And as I looked around, I noticed all the birds. It’s been organic, I might say, but I’ve collected quite a few over the years. My oldest is a large drawing of Harper Lee’s To Kill a Mockingbird, the book cover with a ball of string and the tree’s knot hole. I also have a smaller mockingbird picture, more recently given to me. There’s a scarlet ibis, often mistaken for a flamingo, that one of my students painted for me after reading the story by James Hurst. Of course, I have a few ravens. One is a cardboard prop I made long ago, and every year while teaching “The Raven,” I run across the floor, jump as high as I can, and slap it to the wall above my door. Sometimes it stays there all year. A couple years ago a student painted me a portrait of Edgar Allan Poe with a raven superimposed on his face, so that’s up there on my front wall too. That’s a total of five birds, but there’s more. This year, I finally learned how to string the origami cranes that I make with my students as part of their study of Hiroshima by John Hersey, and some of those hang from the ceiling.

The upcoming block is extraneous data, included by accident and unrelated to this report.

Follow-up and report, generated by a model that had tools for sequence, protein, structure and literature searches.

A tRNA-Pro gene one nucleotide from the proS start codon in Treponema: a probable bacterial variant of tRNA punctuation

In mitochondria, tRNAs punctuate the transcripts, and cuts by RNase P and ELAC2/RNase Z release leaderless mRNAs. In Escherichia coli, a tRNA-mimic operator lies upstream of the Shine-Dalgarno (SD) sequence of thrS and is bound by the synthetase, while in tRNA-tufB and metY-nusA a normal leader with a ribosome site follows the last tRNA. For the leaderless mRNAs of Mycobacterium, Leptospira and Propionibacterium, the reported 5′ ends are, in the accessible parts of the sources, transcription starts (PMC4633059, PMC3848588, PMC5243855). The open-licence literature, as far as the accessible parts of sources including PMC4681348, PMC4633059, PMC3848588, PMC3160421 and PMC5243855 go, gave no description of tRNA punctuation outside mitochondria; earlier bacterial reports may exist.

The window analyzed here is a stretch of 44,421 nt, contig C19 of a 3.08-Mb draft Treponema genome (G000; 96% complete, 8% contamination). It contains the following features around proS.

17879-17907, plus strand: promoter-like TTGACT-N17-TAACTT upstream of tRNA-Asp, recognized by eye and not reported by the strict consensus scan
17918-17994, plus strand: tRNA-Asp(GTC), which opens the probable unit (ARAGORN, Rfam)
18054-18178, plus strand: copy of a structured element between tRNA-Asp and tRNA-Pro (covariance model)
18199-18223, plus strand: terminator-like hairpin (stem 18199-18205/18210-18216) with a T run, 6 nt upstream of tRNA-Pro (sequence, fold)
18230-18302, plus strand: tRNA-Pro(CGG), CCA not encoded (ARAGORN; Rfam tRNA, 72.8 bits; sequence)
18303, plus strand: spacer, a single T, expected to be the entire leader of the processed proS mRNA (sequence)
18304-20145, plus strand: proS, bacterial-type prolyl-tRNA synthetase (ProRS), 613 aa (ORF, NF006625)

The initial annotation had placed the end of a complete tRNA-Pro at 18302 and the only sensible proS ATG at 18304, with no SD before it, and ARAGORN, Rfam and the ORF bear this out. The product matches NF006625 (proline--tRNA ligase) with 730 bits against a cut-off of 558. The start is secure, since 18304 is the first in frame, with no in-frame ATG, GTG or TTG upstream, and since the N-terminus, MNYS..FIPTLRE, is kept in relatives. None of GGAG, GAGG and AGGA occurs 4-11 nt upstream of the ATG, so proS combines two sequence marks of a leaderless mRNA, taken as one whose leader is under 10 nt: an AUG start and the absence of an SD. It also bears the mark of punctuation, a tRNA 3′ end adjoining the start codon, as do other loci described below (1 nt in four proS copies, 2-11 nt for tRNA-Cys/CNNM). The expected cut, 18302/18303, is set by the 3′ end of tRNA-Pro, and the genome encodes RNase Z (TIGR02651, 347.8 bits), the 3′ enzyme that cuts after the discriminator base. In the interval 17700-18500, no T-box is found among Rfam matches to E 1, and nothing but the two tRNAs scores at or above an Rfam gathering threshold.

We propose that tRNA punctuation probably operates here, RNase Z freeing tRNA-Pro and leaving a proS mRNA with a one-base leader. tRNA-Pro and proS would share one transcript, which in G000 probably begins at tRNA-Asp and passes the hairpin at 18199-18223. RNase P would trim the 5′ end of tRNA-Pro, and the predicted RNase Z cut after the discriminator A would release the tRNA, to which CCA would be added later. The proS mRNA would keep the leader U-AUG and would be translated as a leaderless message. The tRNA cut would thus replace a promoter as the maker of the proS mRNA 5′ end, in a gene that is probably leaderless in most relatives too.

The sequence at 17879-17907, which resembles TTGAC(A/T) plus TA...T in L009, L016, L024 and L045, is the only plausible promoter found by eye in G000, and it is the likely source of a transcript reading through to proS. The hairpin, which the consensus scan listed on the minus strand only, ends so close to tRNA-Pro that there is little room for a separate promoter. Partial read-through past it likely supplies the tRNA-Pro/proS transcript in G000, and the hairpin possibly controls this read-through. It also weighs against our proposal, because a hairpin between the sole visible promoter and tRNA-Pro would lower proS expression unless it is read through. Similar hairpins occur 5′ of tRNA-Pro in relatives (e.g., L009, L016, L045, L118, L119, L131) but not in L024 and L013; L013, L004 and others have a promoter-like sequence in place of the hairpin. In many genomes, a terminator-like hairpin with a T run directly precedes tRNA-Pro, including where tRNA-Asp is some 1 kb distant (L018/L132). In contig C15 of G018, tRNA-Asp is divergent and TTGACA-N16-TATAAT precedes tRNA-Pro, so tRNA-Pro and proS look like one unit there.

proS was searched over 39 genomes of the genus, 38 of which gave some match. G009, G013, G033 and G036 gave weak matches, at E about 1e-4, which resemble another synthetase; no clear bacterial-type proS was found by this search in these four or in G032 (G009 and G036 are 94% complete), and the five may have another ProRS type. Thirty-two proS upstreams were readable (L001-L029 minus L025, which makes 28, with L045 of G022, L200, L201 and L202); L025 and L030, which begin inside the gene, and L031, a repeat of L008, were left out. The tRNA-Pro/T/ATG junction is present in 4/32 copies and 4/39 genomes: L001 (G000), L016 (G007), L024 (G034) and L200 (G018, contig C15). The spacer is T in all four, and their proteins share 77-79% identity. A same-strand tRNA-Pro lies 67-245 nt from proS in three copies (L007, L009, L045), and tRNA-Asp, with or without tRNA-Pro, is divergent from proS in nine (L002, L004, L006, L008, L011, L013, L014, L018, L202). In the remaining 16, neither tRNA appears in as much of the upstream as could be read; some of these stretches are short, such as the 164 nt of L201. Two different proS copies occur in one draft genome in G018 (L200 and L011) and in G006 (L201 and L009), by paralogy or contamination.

All this gets me thinking about animals in literature. In addition to those already mentioned, we read Jack London’s The Call of the Wild and “To Build a Fire” almost every year. Sometimes we read The Bean Trees by Barbara Kingsolver, which uses lots of bird symbolism. There’s Of Mice and Men, too, where Steinbeck describes the death of Candy’s old dog at the hands of Carlson. And of course, when I think about epic stories and animals, Moby Dick rises to the surface.